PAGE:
When Chromecast launched in July, it was all the Internet could talk about. The small, HDMI-enabled device allowed users to easily stream video content straight to their TVs. Gone were the days of hooking up your laptop or transferring films to a USB stick. Well, that is, if you were lucky enough to get a Chromecast. BestBuy sold out in a day with orders from Amazon severely backlogged. It hasn’t even launched in Europe and already there’s insatiable demand on eBay for second hand devices.
But you don’t have to wait for a Chromecast unit to try out the experience because an indie developer has made CheapCast available. It’s an Android app that turns any Android tablet or phone into a make-do Chromecast. But does it actually work?
How Does CheapCast Work?
The CheapCast app simulates the software pre-loaded on an official Google Chromecast. So if you have an old tablet or phone lying around, you should simply download the app to it, then connect said phone via an HDMI cable to your TV. This may require using an adapter — I used a HDMI adapter from my Samsung Galaxy Tab 2. And because the tablet will essentially be playing video files, it’ll chew through battery life so I suggest also hooking it up to a power supply to ensure constant usability.
Next, install the official Chromecast app on your main device. This acts as a remote control enabling you to stream YouTube videos or music to your tablet, and hence the TV. It will detect CheapCast on your receiver device and assume it is in fact a Chromecast. All you have to do is press the ‘Play’ symbol in the top right hand corner of the CheapCast app to turn it into the receiver device.
The video isn’t streaming direct from your phone to the receiver device (tablet/old phone). It’s streaming from the Internet. This means you can exit YouTube on your phone and do other things such as check email, browse the web or play games while your CheapCast device continues playing the video. You can reopen Chromecast on your phone to pause or switch videos at any point.
I had assumed setting up this service would take all weekend, lead to dozens of troubleshooting expeditions and ultimately end in a dismal emulation of Chromecast. I was quite wrong. Once you follow all the instructions there’s no reason you can’t have everything up and running within an hour.
Neither Android device even needs to be rooted for this to work. So you don’t need to be a highly skilled hacker to use this trick. Pretty much anyone with a little patience can work through the kinks and get CheapCast set up.
Being an unofficial app with no affiliation to Google, CheapCast doesn’t have the luxury of huge corporate partnerships. The most obvious downfall of CheapCast in this department is the lack of support for Netflix streaming. The extremely popular TV and movie service is installed on millions of Android devices. I think it’s a shame you can’t stream it to your TV using CheapCast like on the official Chromecast. I guess beggars can’t be choosers.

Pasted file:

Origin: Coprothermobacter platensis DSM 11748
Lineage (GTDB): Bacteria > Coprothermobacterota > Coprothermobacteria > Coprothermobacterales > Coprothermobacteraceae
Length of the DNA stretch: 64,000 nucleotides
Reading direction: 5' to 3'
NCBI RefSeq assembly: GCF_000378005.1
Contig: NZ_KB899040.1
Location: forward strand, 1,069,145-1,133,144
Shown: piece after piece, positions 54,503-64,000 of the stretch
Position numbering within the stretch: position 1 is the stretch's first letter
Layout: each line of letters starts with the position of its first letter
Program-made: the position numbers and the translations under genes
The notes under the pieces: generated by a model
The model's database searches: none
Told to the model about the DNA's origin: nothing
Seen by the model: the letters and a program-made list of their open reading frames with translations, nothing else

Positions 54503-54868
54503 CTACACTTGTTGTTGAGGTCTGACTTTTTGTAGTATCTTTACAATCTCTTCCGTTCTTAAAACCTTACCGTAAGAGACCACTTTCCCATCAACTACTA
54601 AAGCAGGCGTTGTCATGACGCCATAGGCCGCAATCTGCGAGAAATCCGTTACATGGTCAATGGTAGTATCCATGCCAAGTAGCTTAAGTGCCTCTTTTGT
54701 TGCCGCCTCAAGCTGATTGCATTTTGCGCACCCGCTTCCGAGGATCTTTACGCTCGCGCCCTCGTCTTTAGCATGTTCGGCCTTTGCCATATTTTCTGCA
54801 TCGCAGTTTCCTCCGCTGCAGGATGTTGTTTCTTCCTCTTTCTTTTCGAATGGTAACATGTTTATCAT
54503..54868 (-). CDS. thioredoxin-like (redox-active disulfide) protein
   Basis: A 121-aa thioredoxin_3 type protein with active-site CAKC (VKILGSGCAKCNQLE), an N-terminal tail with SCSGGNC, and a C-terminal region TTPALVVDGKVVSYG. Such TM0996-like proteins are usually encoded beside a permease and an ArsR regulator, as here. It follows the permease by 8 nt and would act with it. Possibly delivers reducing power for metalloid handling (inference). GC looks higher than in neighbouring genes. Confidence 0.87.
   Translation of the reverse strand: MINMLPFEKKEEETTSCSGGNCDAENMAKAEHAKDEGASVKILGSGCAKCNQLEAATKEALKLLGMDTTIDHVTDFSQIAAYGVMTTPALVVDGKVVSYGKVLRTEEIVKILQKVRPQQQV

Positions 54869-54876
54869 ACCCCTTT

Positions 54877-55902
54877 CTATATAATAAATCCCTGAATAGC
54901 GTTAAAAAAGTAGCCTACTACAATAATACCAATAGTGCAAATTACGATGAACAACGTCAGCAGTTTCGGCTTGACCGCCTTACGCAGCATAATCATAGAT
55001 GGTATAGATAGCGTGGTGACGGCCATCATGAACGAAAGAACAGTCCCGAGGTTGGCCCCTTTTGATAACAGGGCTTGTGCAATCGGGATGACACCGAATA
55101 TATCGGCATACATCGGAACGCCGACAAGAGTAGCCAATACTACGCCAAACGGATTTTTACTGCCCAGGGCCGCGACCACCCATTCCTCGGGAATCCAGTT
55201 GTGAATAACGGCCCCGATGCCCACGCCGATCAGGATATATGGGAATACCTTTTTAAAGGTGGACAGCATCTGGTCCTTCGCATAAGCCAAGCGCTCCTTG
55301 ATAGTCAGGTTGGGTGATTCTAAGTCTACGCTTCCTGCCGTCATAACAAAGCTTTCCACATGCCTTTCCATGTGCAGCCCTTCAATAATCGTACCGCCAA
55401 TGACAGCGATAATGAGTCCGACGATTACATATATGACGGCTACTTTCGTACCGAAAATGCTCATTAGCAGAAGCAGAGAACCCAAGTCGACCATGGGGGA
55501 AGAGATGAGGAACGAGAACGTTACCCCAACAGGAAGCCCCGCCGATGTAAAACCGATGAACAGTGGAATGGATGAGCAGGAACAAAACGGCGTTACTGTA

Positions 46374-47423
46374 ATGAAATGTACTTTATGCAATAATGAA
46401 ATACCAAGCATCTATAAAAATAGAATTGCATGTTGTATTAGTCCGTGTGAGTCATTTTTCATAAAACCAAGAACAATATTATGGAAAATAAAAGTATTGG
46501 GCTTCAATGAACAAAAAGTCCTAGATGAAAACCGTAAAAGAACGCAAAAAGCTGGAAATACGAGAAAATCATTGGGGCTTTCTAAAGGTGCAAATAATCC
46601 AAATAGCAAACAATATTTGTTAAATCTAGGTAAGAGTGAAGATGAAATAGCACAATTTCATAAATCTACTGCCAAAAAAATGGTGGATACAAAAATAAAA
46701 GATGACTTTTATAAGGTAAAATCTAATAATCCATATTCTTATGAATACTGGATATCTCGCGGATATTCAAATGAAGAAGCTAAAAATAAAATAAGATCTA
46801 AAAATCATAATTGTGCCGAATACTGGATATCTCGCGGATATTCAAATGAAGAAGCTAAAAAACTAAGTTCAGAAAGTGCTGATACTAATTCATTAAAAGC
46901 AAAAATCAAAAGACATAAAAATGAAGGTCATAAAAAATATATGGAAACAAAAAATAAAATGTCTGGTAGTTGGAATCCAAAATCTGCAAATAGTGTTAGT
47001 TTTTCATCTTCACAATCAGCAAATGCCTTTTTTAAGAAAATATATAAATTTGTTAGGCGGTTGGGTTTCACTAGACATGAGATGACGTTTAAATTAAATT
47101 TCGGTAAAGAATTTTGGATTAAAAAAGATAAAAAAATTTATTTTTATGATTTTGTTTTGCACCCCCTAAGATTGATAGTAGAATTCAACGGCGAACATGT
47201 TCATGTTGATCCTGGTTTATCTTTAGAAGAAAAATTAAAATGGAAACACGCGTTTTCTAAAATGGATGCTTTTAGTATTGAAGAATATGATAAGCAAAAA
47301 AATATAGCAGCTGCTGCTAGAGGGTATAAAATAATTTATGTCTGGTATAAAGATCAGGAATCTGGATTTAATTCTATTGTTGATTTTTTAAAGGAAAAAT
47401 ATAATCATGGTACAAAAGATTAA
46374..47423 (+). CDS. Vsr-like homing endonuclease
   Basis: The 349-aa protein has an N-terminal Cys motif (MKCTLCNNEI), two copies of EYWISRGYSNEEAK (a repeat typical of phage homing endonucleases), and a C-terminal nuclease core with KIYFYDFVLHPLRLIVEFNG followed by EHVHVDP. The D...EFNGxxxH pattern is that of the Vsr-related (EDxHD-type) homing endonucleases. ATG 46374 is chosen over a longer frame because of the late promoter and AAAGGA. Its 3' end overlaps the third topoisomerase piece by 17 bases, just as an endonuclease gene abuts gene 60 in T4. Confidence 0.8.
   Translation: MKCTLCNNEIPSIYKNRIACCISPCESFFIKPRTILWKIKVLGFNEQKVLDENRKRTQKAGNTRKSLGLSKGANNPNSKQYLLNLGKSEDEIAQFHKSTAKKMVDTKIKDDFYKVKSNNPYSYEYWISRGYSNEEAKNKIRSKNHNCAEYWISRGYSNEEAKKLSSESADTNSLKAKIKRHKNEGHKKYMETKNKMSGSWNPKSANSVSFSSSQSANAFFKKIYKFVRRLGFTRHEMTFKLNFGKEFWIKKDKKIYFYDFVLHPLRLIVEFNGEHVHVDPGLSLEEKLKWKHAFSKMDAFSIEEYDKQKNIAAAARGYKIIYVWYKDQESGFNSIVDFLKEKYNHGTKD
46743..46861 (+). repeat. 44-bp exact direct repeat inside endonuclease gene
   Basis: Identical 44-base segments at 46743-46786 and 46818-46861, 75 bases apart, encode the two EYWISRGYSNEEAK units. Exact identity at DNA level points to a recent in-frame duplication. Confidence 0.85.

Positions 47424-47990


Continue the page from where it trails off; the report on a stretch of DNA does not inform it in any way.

You’re also restricted in terms of video quality by whatever device you’re using. Unless your tablet or phone can play videos at 1080p, you’ll remain at the 720p mark (or worse). Most new tablets can handle full HD but for those recycling older devices as make-do Chromecasts, this might cause some disappointment.
Potential for Expansion
With the rise of expensive Smart TVs, many people could emulate one via this method as a cheaper alternative. CheapCast provides an excellent proof of concept for controlling an external Android device wirelessly with another device.
Of course, an old tablet or phone won’t cut it as a true Smart TV replacement, but what about the new wave of mini Android PCs, many of which rival laptop specs, have WiFi receivers, standard HDMI output and the full power of Android 4 and up? You could, in theory, effectively turn your TV into a giant Android device with a simple set up. And it could be controlled by your mobile phone. Interesting times lie ahead.
In reality, CheapCast isn’t a viable solution to not owning a Chromecast. In order for the set-up to work long term you need a dedicated Android device capable of HDMI output which would be way more expensive than the $35 price tag for an official Chromecast.
The lack of compatibility with Netflix and Play Movies only throws up more barriers for day-to-day usage. This added complexity begs the question as to why you don’t just connect a laptop which would have faster download times, a better display and fewer issues. Programs such as VLC on a computer can be easily controlled by apps available on the Play Store.
All in all, I really liked CheapCast. It’s an excellent innovation in a very short amount of time by an indie developer and I had great fun setting mine up and using it.
Unfortunately, for a permanent setup, the numbers don’t add up. While CheapCast is free, expenses can add up for some people due to the need to buy an HDMI adapter for older devices. But until Chromecast is available for sale again, this is the next best thing.